I wish I could add audio to this so you could hear me guffawing over your alice-in wonderland statement re: the 'stability & security' of my property. Believe it or not, timid sir, but me & mine can can preserve the stability & security of ourselves & our property just fine...except, of course, against your pals, the federalists.
173 posted on 06/25/2002 10:37:08 PM PDT by budo
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To: Non-Sequitur
If you are correct, & 95% of the tariff was collected in northern ports in 1860, then the north paid the lion's share - in 1860 (would you conflate a single year's stats with the general situation?). But this would be news to me...Taussig's volume, "Tariff History of the U.S.", as far as I know, is considered seminal, and is my source. If you have another source, please share it. As to the second point, if you are referring to the period of time when the south was seriously outmanned, outsupplied, in desperate need of everything, her civilian population under seige, ports blockaded (just what is it you think was being imported, I wonder?) -and still kicking hell out of the yankee invaders - any & all means of raising revenue makes sense to me: it was life or death. Reread my post re: the drastic lowering - virtual elimination - of tariffs that wass written INTO the CSA constitution & the efffect that bit of info had on the northern appetite for invasion.
174 posted on 06/25/2002 11:01:30 PM PDT by budo
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To: TheDon
Please enlighten us as to the 'constitutional way' to leave the union....
175 posted on 06/25/2002 11:06:31 PM PDT by budo
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To: TheDon
I'm just working thru, one by one, so if farther on down you have ceased this infantile insistence on creating your own personal definitions for words like 'overthrow', my apologies. Otherwise, a click over to would add some much needed precision to your use of english.
176 posted on 06/25/2002 11:13:26 PM PDT by budo
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To: H.Akston
Interesting thesis. But Hamilton was federalist to the bone.
Madison wrote the federalist manifesto. And Washington seem a bit conflicted on the whole thing.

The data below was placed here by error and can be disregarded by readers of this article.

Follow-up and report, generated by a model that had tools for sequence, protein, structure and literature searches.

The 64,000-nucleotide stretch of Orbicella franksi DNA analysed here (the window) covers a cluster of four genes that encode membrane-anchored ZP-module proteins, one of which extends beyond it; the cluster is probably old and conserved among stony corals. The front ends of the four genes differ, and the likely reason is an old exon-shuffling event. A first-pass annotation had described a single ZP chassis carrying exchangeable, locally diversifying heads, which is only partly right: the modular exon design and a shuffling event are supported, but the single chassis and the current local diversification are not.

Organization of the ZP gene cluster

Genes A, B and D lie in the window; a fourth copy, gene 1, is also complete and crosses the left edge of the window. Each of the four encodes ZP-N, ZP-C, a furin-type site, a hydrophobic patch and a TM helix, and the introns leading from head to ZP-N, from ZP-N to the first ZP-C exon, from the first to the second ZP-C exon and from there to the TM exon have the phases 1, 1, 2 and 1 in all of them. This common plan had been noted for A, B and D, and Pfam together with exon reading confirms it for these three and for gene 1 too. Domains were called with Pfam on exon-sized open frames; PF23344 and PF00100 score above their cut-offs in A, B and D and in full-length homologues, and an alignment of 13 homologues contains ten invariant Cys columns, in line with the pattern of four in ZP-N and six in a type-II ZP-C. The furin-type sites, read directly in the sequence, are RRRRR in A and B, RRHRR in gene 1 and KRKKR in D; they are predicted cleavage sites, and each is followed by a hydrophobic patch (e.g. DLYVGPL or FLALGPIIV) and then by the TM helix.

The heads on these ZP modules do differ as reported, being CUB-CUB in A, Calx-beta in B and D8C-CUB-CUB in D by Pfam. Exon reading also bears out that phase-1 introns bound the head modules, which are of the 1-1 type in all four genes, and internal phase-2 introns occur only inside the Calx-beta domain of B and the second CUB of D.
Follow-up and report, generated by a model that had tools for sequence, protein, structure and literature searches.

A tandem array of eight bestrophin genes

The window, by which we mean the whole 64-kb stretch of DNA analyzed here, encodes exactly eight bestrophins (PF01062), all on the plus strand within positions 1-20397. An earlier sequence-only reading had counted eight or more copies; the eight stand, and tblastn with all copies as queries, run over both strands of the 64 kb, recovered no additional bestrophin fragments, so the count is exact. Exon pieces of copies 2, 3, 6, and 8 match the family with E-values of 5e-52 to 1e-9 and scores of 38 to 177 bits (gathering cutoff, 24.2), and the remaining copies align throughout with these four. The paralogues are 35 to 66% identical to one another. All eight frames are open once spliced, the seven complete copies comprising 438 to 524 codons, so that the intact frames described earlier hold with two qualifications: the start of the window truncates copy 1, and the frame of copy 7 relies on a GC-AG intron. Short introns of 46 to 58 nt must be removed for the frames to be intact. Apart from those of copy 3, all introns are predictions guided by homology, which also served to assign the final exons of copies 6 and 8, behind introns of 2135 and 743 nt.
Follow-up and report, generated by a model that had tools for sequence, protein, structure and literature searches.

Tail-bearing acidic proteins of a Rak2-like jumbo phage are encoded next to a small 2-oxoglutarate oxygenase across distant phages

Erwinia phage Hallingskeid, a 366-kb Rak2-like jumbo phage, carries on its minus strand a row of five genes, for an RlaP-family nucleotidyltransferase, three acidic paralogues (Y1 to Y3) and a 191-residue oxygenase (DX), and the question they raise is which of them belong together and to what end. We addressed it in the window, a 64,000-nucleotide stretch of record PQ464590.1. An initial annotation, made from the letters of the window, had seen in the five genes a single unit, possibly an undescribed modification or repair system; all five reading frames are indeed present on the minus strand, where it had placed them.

177 posted on 06/25/2002 11:19:24 PM PDT by budo
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To: TheDon
Virginia & Kentucky resolutions, as well as other state constitutions, have already been pointed out this thread. These state constitutions specified joining the compact in no way abrogated their ability to decide to leave said compact. For article6, clause2 to be read as trumping those state constitutions requires the oleaginous ethics of a bottom-feeding lawyer (like your pal Lincoln was, for instance...). At any rate, you have way too much regard for mere legality (or perhaps it serves your interests to pretend to, in this case). Laws uniformed by morality have no standing, are no litmus to right or wrong. Even if the federalists had executed legal trickery that resulted in states being compelled to indentured servitude, rather than merely deciding to force states into indentured servitude, the 'legality' of it would be irrelevant. A good title to a good book fits here..."Freeing Slaves, Enslaving Free Men", by Jeffrey Rogers (?) Hummel.
178 posted on 06/25/2002 11:42:00 PM PDT by budo
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To: WhiskeyPapa
Hello, Mr. Orwell! The income tax is 'voluntary' too. You & the don continue to look foolish. Maybe you & he could define your terms for the rest of us, help us to cut thru all your cognitive dissonance.
179 posted on 06/25/2002 11:50:02 PM PDT by budo
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To: WhiskeyPapa
I hadn't ever heard this about Nathan; coming from you (based on the qualities indicated in your posts), I doubt its true - but I'll look into it. Do you at least feign to profess equivalent (at least) moral outrage at wholesale northern atrocities (rape, plunder, murder) of southern civilian populations? Probably not, huh?

If all Washington was is encapsulated in your sentence, then 'putative hero' is all he could ever be. Lee was a noble, honorable man & so, of course, would not cleave wholesale to a man, or men, as you do, but to those high IDEALS embodied by the antifederalists.

Jefferson Davis was explicitly NOT tried for treason because his northern captors knew they would lose in open court on constitutional grounds.

You may as well have another whiskey, papa - coherence isn't your strong suit, anyway.
180 posted on 06/26/2002 12:20:35 AM PDT by budo